A Great Critique Partner is worth their weight in gold as they spend hours reading over and critiquing your work with a fine tooth comb -- sometimes nit picking the tiniest things you missed… all in all, they help develop your manuscript into a piece of art. 

Acquiring Beta-Readers
            First rule of thumb is not to ask a close relative, like your mother or husband, to read your story. They are too close to you to give you an unbiased opinion. You want someone who, above anything else, is HONEST and DIRECT. Hearing, “I couldn’t get into your story, or your hero lacks something.” is not what you want hear--but if it is the truth you need to hear it before you spend hours upon hours writing and rewriting a 400 page novel.

This is why I request my pre-post-beta readers to read the unedited version. CONTENT, FLOW, and CHARACTER DEVELOPMENT are essential to every great novel no matter what genre’ you are writing in. 
I’d like to give you ideas on who might make a really great beta-reader and give you some ideas where to find those beta readers.

(1)   Find someone who is well versed and reads you genre.
(2)   If you write from both male and female POVs; find someone of the opposite sex. These individuals can help you greatly with everything from romantic scenes to bloody battles.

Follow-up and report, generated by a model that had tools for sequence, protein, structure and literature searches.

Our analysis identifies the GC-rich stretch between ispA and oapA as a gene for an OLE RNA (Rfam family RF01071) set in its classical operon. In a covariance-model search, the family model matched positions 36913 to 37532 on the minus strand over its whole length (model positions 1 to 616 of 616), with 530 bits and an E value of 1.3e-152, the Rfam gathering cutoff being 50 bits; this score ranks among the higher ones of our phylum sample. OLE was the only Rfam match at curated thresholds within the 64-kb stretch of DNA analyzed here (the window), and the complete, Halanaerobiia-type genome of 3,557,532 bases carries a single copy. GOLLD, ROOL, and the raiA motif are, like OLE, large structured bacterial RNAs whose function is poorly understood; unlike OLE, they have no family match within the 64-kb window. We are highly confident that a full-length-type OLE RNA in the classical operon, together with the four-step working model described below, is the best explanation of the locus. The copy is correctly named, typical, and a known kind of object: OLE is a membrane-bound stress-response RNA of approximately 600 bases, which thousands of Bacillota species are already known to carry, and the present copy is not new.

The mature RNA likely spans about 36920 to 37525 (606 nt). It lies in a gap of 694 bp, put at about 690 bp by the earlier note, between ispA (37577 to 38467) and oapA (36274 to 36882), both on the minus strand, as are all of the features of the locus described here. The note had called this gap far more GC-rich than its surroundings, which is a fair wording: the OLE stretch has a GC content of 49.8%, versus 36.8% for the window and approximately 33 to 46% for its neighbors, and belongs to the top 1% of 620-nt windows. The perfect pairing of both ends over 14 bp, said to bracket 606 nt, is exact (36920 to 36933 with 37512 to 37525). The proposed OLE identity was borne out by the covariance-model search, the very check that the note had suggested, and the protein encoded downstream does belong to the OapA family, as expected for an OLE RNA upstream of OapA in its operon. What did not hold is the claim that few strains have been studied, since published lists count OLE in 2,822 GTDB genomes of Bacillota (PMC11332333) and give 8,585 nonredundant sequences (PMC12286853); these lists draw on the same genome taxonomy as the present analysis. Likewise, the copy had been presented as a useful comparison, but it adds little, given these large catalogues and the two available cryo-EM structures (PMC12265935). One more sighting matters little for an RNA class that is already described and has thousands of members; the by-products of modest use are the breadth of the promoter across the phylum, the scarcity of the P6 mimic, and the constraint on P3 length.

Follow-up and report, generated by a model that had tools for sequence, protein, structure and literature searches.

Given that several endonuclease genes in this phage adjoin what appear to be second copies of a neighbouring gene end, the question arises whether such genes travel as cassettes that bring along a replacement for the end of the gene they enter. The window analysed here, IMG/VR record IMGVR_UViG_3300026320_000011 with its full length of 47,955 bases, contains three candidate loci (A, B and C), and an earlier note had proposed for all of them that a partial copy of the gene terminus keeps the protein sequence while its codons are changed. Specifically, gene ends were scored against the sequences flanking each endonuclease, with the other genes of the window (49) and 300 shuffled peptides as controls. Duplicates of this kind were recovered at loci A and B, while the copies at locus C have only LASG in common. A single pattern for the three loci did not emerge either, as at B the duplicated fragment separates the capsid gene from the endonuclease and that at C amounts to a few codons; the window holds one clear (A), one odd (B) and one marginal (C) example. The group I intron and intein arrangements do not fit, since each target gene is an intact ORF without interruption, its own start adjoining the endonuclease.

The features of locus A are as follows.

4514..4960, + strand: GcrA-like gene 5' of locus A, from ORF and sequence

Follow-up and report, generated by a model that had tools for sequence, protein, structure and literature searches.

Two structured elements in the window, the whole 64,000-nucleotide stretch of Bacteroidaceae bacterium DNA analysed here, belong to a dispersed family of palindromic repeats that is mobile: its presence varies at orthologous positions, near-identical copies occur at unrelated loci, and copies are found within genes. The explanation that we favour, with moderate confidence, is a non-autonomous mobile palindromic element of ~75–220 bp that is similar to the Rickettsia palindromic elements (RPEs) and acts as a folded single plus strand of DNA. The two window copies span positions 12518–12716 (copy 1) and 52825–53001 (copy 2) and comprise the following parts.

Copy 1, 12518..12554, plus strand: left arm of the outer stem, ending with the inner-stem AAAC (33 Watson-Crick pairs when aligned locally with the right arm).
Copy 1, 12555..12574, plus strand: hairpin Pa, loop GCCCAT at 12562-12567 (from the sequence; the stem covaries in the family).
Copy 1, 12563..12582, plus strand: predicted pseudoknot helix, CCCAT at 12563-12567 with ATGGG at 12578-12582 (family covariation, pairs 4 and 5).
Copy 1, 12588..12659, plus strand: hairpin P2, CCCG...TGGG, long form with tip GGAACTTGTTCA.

(3)   If you are writing military romance or suspense; find a soldier, cop or someone who has expertise in that field.

Finding beta-readers is easier than you might expect. All one has to do is mention they are an author and they seem to come out of the wood work. But be careful and make sure you both understand the rules before you hand over your work to someone you really don’t know that well.
A beta reader who is tempted to share your work with every one of their friends is not for you. Remind them, you have selected them—and them only.
Another thing I will remind you of is having too many people read your work will give you too many outside ideas. Don’t ask everyone you know or meet. Trying to please the twenty people who read your book and commented on it will eventually drive you to creating some major mistakes. Remember you can’t please everyone and please, above all else stay true to your muse.

Joining a Critique Group

            The easiest place to find a critique group is through your local writing association. If you’re not a member of one, try visiting a local chapter of RWA (Romance Writers of American) or Sister’s in Crime. Newspapers often list local meetings. Check your bookstore bulletin board for locations for writing groups. Find someone or a group that fits your needs. As I mentioned they vary in size and what they are willing or not willing to do. If you join one and it works out for you, great! If not, find another.